Emilie Mover‘s performance in January of 2013 was another in a series of concerts I’d EQ’d, tracked, started the info file for, and just didn’t finish…
… with one notable exception: It has a much better story.
Set to open for Brooklyn’s Wakey!Wakey!, the Drake Underground was decently occupied with fans. Probably the most fans of any Wakey!Wakey! performance to date, which was exceptional because it was a freezing cold Canadian night, with a steady, solid stream of snowfall.
Things were slow to get started, and when Emilie finally took the stage, it was clear it was an unusual pairing.
Whitehorse has remained one of the hardest working, most visible bands during the COVID-19 pandemic.
The band had a weekly Happy Hour Facebook and Twitter streaming concert, put on for free, for about 3 months. They launched a Patreon, performed a couple of Christmas-adjacent sets from the head office of their record label, released an album, performed a set at a movie theatre drive-in, launched the Horseshoe Hootenanny live stream series with a record release party for their disc, Modern Love, and performed another set live with the Kitchener-Waterloo Orchestra.
This recording, of the aforementioned record release party at the Horseshoe Tavern, was the first full-band show (out of necessity, due to pandemic restrictions) since 2019 if I’m not mistaken, and features a familiar line up of Ryan Gavel, Johnny Obercian, and Gregory MacDonald (who seems to be a part of every second name-recognizable band in the country!) alongside husband and wife core duo Melissa McClelland and Luke Doucet.
The performance was broken into two sets: the first, an introduction to the Modern Love album, with a selection of six of the dozen songs featured. The second was a quick run through of several obvious, greatest hits tracks from their earlier catalogue.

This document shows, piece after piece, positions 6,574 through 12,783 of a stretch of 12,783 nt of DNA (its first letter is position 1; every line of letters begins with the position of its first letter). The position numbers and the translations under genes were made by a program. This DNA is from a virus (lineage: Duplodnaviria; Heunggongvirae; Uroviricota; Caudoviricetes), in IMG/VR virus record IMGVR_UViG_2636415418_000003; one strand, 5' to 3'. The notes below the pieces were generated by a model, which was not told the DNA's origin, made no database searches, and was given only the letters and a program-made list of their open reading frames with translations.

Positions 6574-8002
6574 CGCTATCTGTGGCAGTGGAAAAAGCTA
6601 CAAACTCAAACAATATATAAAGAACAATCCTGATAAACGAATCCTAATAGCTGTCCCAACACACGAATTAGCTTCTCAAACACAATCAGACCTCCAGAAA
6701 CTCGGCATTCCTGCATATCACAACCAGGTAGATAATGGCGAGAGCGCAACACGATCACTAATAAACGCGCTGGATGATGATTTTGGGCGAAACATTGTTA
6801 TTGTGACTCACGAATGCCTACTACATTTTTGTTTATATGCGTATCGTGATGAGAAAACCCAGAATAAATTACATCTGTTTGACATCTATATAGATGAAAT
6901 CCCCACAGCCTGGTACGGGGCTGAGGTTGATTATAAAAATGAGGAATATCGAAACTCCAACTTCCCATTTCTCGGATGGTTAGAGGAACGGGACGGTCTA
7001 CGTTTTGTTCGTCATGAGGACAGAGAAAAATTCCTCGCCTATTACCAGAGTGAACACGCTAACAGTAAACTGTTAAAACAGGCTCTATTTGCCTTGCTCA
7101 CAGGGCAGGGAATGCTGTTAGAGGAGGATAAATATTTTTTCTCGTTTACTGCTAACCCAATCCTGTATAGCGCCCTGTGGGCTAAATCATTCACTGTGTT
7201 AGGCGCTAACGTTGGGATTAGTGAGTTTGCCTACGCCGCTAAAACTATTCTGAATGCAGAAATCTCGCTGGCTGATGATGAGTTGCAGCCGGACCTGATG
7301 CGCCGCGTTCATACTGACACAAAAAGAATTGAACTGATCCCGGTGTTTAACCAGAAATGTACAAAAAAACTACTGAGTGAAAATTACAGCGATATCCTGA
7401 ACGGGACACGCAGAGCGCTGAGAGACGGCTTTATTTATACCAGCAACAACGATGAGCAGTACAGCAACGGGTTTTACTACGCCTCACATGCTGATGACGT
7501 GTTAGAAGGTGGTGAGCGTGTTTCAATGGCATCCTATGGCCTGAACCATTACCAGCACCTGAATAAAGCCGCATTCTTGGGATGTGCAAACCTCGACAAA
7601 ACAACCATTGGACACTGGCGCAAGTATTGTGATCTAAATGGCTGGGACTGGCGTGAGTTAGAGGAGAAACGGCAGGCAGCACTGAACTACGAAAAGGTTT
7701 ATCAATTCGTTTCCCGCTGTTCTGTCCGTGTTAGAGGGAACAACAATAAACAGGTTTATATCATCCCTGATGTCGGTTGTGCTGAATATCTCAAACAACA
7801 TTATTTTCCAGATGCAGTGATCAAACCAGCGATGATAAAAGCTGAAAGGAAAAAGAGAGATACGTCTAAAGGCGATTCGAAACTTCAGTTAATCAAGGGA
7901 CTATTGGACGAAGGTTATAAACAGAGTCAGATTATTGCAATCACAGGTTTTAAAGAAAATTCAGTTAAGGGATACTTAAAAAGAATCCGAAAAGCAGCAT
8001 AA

After EQing, tracking, and then opting not to post Unknown Mortal Orchestra‘s opening set at Massey Hall in 2012, I decided to check the status of the evening’s headliner, Grizzly Bear.
Boy, was I shocked to see the work was already done! Tracked, EQ’ed, encoded, and ready to be uploaded. More so, I was blown away that the recording actually sounds leagues better than the opening band’s.
Lyrics are only slightly distant, rather than virtually inaudible. Drums are a bit reverb-y, but otherwise crisp and clear. Guitars are chimey and present. Only the bass sounds like I rolled it back a bit too far.
Why didn’t I post this back in 2012 then? They were a significant band in the Pitchfork-endorsed indie circle. The show has a couple of special local guests: Leslie Fiest and Owen Pallett. The sound quality was pretty passable.
I’ve mentioned a few times — I really, really hate the sound at Massey Hall, and have no idea how it’s earned the prestige it has locally or internationally. It has uncomfortable seats, poor sight lines, and stadium-tier acoustics in a mid-sized theatre.
Listening back to this tape of Unknown Mortal Orchestra, a band I’d previous seen under significantly improved conditions at the far-superior Lee’s Palace, I was instantly reminded as to why the recording has sat on a shelf for the better part of a decade.
The instruments were muddy. The vocals sounded like they were in another room. You’d never know my seat for the show was actually pretty decent, if slightly off to the side (but closer to the speakers!). Even an extensive EQ job barely makes this recording roughly a C- grade.
A couple of months back, I posted a 2011 recording from Toronto band, The Elwins. I’d already posted the evening’s headliners, Paper Lions, about a week after the concert. But I’ve somehow neglected to include The Love Machine‘s set from that evening yet.
Which is weird because I distinctly remember being really excited about their set and hoping to see more.
I did a poor job on following through, hadn’t heard a peep from them since, and figured their story ended the way so many young bands do.
Although it seems they’ve only released a single and EP since (within a couple of years of the debut LP Sweater Weather they were promoting back in 2011) and their .com website is offline, their social media remains relatively active and it looks like there were live shows as recent as 2018. Band members are pursuing other endeavours, but as far as I can tell, these guys are still at it!